I Loved Having A C-Section (Yes, Really!)
I was never one of those people who dreamed about being pregnant. You know that type — the women who take pictures every week with the fruit that’s the size of their growing fetus, or who write love letters on Instagram to the wriggly baby inside of them before it’s ever born. More power to them … but that’s not me. In fact, the whole experience of being pregnant was bizarre and confusing — a mixture of concern at the alien-like movement in my belly and yet awe at the complexity of everything that needs to happen (and typically manages to happen!) to produce a healthy child.
All this to say, when I became pregnant I did not have a flowery birth plan. My birth plan was simple: keep everyone healthy and get this baby out. Keeping pain to a minimum was also on my radar — a drug-free birth never sounded like much fun.
Because of this outlook, I was not heartbroken (like many women are) when I learned I would need a C-section with my first child. In fact, I ended up with a C-section for both of my kids, one due to a complete (and stubborn) placenta previa that did not move, and the other for gestational diabetes which is a risk factor for failed trial of labor after Cesarean. After two planned and frankly awesome surgical birth experiences, I felt compelled to encourage other women who may be staring down this path with horror and dread. I loved my C-sections, and you can too!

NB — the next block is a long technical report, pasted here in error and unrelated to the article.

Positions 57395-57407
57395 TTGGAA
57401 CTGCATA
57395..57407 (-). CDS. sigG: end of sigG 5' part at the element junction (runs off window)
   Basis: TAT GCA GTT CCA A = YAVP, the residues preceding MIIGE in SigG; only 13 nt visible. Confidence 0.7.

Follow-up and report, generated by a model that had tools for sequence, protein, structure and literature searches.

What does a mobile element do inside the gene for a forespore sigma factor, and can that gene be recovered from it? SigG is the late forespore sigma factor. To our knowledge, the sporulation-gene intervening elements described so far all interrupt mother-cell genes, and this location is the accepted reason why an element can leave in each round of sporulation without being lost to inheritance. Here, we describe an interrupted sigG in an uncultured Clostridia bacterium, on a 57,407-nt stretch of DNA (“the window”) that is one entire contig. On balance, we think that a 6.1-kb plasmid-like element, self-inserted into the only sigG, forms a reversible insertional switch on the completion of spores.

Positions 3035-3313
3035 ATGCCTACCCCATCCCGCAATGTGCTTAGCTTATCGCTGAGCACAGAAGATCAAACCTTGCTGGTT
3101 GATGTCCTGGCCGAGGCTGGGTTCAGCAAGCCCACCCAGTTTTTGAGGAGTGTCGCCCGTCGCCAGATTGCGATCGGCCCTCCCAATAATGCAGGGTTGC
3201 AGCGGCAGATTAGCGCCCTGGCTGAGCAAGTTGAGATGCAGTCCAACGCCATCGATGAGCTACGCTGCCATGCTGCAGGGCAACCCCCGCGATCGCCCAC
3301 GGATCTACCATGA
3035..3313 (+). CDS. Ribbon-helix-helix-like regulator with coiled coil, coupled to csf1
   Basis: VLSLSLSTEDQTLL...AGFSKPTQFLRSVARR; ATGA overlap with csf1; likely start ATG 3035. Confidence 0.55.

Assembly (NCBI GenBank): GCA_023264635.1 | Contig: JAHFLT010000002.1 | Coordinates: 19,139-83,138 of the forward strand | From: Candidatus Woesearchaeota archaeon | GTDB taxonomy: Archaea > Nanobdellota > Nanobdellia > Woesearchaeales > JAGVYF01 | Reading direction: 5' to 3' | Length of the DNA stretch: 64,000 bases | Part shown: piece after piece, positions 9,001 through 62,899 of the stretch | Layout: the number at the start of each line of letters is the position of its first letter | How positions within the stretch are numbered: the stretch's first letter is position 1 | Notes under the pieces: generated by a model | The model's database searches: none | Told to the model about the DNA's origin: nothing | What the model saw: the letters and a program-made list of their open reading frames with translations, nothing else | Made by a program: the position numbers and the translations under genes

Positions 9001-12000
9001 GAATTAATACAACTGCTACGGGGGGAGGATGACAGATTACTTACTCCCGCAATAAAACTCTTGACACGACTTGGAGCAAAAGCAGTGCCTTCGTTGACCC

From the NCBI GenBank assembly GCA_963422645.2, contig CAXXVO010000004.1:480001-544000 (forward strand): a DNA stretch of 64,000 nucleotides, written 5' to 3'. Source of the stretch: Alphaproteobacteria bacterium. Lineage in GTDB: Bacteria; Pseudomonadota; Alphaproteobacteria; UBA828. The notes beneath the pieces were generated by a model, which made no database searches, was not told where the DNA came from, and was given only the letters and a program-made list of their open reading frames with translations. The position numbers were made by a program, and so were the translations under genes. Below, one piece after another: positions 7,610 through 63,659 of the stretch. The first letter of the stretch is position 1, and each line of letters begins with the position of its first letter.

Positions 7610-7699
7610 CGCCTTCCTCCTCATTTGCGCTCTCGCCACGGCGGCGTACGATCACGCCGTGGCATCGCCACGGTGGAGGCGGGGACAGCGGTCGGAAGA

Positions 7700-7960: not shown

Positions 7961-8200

(Now, I must stop here and provide a caveat. I know that C-sections are major surgery. I know that they are performed far more often than is medically necessary, statistically. I know they come with risks that are generally greater than those associated with vaginal births. Moms for whom this is their only or safest option for delivery don’t need to be reminded of these things. Trust me, THEY KNOW. What they need is encouragement that they, too, can love their birth.)
So what makes a scheduled C-section so awesome? Let me count the ways…
1. You can make a plan.
I’m a type-A person. I love a good to-do list, an instruction manual, a set of checkboxes for reaching a goal. I LOVED knowing, with some certainty, when my babies would arrive. I was comforted that my family could book flights in advance and I knew they wouldn’t miss it. I orchestrated my work schedule and maternity leave appropriately. I didn’t have to hastily pack a hospital bag while leaving a trail of fluid all over my house. I could make plans without (much) fear that this baby could arrive any minute. It was a planner’s dream!
2. You can be well-rested, well-fed, and relatively clean.
My husband and I went on a date the night before both C-sections. We ate steak and baked potatoes and talked about the past and the future. We reminisced and dreamed. It was lovely having a “last supper” before everything changed. I also ate a midnight snack (right before the no-food-for-8-hours deadline), and took a morning shower before heading to the hospital. Did I need to look great for those post-birth photos? No. But did I? Heck yes! I had clean hair and rested eyes from a full night’s sleep the night before. It might sound silly, but looking like myself in those early hours sure helped me feel a bit more comfortable when everything else was scary and new.
3. It’s quick and easy.